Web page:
Rachel Dolezal is not sorry.
Whenever Rachel Dolezal—the former Spokane, Washington NAACP president who identifies as Black but isn’t—sits down for an interview or agrees to open up about her life through a book or with a documentary, she’s hoping it will go a certain way. She hopes that this time people will understand where she’s coming from and that they won’t ask certain questions about how she lied about being Black or her wording. It rarely does. In between those trips back to the limelight, Netflix’s The Rachel Divide showcases just how the story that introduced her to the world uprooted her life, but those hoping for any kind of reflection or retrospect from Dolezal will be left disappointed.
The film might not have necessarily aimed to humanize Dolezal, but it ends up happening to an extent as The Rachel Divide closely follows Dolezal’s life. Her face is instantly recognizable and enough for strangers to start filming her wherever she goes, so she spends most of her time at home, where she only sees her two sons Izaiah and Franklin, her sister Esther, and the women who come to Dolezal to do their hair.
She’s unable to find a job after she’s let go from her position at Eastern Washington University, at one point complaining that no place wants to be the first to give her a job again. Dolezal hopes that the backlash over her race will blow over, something akin to a family feud, but when she relays this to a friend, the friend tells her to move to Mars. Even choosing the race of her newborn son on a form proves tricky: According to Dolezal, Washington state says a child’s race is the same as their mother’s.
Dolezal also reveals aspects of her childhood and having grown up with parents she said abused her and her siblings. Throughout the film, Dolezal is very protective of her sons—Izaiah used to be her adopted brother before she gained custody of him—and she’s aware enough of what putting them in the limelight can do. She also blames her parents, whose interviews with the media painted her as a liar and a fraud, and believes that her parents are punishing her with the backlash.
But on the other hand, critics and the people who knew her are left to struggle with what Dolezal has done and how it affects her work, something the documentary doesn’t come to a consensus on. Is her previous work advocating for social justice and police reform now made moot because she lied about her race? How much of the hate mail she received, both before and after she made headlines, was real? And every time she appears back in the spotlight to highlight her own beliefs, how much attention is she taking away from Black women and their projects?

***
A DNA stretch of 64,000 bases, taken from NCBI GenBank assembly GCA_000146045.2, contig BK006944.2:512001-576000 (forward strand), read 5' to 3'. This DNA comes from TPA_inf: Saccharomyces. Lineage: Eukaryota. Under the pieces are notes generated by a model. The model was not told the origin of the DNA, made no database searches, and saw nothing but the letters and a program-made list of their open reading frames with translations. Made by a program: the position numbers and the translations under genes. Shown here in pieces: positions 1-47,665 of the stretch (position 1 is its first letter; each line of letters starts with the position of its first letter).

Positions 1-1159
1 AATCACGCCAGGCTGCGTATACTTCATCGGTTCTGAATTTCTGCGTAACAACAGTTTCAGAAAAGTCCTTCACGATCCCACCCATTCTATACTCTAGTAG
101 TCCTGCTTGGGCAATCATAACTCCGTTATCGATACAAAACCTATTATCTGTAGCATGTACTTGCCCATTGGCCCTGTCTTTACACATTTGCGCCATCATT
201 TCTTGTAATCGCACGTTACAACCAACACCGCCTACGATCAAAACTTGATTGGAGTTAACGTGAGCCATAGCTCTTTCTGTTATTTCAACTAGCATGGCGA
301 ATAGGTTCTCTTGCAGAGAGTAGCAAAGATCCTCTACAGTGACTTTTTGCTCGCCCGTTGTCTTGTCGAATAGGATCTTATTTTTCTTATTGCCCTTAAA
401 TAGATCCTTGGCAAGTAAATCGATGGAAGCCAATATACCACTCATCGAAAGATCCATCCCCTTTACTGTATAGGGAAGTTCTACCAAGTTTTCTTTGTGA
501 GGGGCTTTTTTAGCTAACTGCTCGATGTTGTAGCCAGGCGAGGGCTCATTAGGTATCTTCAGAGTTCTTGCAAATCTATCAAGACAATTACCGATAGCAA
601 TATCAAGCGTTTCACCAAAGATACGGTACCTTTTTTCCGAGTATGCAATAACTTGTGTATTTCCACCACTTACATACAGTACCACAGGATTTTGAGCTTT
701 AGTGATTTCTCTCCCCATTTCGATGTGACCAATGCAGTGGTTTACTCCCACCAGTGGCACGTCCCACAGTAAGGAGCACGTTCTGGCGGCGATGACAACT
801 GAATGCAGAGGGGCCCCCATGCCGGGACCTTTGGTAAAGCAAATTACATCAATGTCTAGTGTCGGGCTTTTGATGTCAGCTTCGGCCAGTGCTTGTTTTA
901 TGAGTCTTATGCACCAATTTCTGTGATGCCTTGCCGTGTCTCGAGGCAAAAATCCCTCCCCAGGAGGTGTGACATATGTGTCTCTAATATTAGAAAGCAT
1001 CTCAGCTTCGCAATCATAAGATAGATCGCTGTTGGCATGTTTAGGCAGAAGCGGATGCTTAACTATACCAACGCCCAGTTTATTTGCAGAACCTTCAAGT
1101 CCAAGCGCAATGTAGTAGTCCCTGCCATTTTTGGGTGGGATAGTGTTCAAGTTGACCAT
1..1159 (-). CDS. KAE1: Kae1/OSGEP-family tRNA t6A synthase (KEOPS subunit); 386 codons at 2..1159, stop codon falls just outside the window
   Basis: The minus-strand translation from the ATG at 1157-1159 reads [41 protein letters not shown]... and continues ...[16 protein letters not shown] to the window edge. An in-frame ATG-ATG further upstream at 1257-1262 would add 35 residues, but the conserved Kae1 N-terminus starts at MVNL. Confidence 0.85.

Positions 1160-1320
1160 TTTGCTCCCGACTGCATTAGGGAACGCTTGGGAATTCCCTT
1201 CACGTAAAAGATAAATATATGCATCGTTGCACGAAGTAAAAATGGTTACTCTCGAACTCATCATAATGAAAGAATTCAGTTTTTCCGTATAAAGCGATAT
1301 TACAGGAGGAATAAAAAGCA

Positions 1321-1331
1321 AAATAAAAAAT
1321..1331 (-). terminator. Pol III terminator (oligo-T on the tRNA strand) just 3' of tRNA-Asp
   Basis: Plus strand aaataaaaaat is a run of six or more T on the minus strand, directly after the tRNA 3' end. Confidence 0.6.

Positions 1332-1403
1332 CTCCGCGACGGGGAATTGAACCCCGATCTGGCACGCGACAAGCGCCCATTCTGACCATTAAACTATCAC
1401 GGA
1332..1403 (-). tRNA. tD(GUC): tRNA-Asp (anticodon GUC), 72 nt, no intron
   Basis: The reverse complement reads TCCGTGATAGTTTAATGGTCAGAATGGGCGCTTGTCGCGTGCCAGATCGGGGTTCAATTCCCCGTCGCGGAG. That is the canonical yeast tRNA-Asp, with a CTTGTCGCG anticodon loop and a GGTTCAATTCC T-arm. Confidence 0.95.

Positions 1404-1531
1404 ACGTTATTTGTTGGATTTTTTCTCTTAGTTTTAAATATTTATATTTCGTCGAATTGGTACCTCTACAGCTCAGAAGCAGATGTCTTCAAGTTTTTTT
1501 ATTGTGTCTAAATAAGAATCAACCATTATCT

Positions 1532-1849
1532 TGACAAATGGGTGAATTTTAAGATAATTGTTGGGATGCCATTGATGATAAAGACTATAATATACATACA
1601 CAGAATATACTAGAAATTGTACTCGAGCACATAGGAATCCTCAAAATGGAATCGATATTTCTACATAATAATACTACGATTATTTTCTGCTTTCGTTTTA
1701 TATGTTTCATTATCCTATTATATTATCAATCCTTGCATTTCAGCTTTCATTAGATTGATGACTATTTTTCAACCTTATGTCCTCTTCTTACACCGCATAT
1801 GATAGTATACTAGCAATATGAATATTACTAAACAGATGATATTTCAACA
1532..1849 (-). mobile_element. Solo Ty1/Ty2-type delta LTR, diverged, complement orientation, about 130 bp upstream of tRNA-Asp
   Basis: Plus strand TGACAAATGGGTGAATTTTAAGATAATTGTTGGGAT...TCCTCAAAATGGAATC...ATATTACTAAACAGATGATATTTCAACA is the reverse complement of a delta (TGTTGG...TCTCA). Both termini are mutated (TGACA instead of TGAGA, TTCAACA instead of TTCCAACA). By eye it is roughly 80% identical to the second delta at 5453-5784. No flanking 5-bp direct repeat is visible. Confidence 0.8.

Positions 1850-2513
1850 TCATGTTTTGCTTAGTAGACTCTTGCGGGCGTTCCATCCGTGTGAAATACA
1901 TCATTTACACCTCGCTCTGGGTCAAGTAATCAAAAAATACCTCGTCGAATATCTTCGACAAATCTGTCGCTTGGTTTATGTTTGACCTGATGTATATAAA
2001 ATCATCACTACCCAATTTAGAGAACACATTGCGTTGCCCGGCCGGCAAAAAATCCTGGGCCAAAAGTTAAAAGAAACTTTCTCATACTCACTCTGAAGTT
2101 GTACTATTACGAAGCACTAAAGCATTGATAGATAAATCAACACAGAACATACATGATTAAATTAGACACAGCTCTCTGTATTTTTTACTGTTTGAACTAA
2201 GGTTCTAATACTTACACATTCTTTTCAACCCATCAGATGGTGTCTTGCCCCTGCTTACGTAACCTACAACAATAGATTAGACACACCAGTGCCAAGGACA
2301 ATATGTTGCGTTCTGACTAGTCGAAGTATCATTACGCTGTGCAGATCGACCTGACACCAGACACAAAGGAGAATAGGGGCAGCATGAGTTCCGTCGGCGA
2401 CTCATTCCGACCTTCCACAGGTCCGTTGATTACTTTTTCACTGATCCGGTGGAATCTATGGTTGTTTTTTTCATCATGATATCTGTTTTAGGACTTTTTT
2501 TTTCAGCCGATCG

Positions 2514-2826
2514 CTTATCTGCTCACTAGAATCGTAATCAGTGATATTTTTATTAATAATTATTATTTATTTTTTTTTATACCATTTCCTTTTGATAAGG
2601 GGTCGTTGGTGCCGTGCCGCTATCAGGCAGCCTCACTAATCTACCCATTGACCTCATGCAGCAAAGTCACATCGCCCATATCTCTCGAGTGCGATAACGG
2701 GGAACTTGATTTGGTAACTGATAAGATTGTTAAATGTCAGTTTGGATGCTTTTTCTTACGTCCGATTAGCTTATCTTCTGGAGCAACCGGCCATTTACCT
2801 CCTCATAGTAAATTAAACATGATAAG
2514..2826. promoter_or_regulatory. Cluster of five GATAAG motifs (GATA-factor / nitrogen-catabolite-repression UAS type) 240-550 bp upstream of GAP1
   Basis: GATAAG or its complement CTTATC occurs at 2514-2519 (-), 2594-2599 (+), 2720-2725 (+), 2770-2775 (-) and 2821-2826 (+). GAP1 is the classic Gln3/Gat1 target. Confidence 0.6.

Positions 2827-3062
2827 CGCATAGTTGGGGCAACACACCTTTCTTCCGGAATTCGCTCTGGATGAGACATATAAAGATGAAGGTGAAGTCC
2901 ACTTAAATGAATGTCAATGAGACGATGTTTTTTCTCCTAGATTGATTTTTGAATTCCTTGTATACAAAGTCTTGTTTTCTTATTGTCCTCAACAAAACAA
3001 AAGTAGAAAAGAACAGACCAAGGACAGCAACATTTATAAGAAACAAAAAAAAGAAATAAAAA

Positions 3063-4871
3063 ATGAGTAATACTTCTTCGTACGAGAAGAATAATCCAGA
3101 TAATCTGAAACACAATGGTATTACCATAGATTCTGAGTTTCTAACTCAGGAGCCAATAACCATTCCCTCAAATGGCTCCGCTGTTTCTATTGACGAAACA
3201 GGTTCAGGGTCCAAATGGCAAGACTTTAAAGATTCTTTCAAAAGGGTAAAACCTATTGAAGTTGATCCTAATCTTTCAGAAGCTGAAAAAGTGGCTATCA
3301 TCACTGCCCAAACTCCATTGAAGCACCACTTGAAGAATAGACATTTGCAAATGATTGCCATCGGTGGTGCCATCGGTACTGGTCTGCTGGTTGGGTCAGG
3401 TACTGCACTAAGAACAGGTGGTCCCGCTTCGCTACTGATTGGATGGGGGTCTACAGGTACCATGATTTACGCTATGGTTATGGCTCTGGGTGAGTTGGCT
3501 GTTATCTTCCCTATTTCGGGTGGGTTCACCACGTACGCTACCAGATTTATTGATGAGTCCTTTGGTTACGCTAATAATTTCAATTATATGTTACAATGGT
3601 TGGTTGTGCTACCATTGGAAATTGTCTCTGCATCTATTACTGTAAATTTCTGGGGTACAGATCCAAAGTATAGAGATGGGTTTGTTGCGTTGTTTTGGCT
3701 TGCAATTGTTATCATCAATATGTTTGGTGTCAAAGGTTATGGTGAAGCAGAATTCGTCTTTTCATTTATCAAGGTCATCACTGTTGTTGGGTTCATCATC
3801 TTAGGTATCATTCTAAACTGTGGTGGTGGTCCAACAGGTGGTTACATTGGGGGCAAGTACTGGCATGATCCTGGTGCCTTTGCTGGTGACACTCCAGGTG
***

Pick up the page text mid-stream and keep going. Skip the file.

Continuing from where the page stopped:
Director Laura Brownson tackles the complexities surrounding Dolezal, which works better when it focuses on the people in Dolezal’s life and those who were affected by it more so than Dolezal herself. Although Dolezal won’t apologize for who she is and sticks to her convictions about how she identifies, it’s evident that it’s causing a riff even among those who love and support her. Her sister’s court case, in which Dolezal was supposed to testify, is dropped in part due to Dolezal’s credibility. Her sons support how she identifies, but even they begin to lose their patience with how much of herself she puts out there for the world to see and tear apart; her teenage son Franklin openly says that he resents some of the choices she made and says that her book and the documentary will bite him in the ass. He knows that it could go away if his mother just apologized and called herself white, but he also knows that she’ll never do it.
Toward the end of the documentary, Dolezal legally changes her name to Nkechi Amare Diallo, and for once she’s not met with much resistance; the clerk even notes how painless it was for her to do so. But it rings hollow considering the struggles others have when attempting to legally change their own names.
Dolezal may have a new name, but she’s still embracing many of her old ideas and in the end, The Rachel Divide feels like a feedback loop. And soon enough, we’re bound to hear it again.
The Rachel Divide is now streaming on Netflix.
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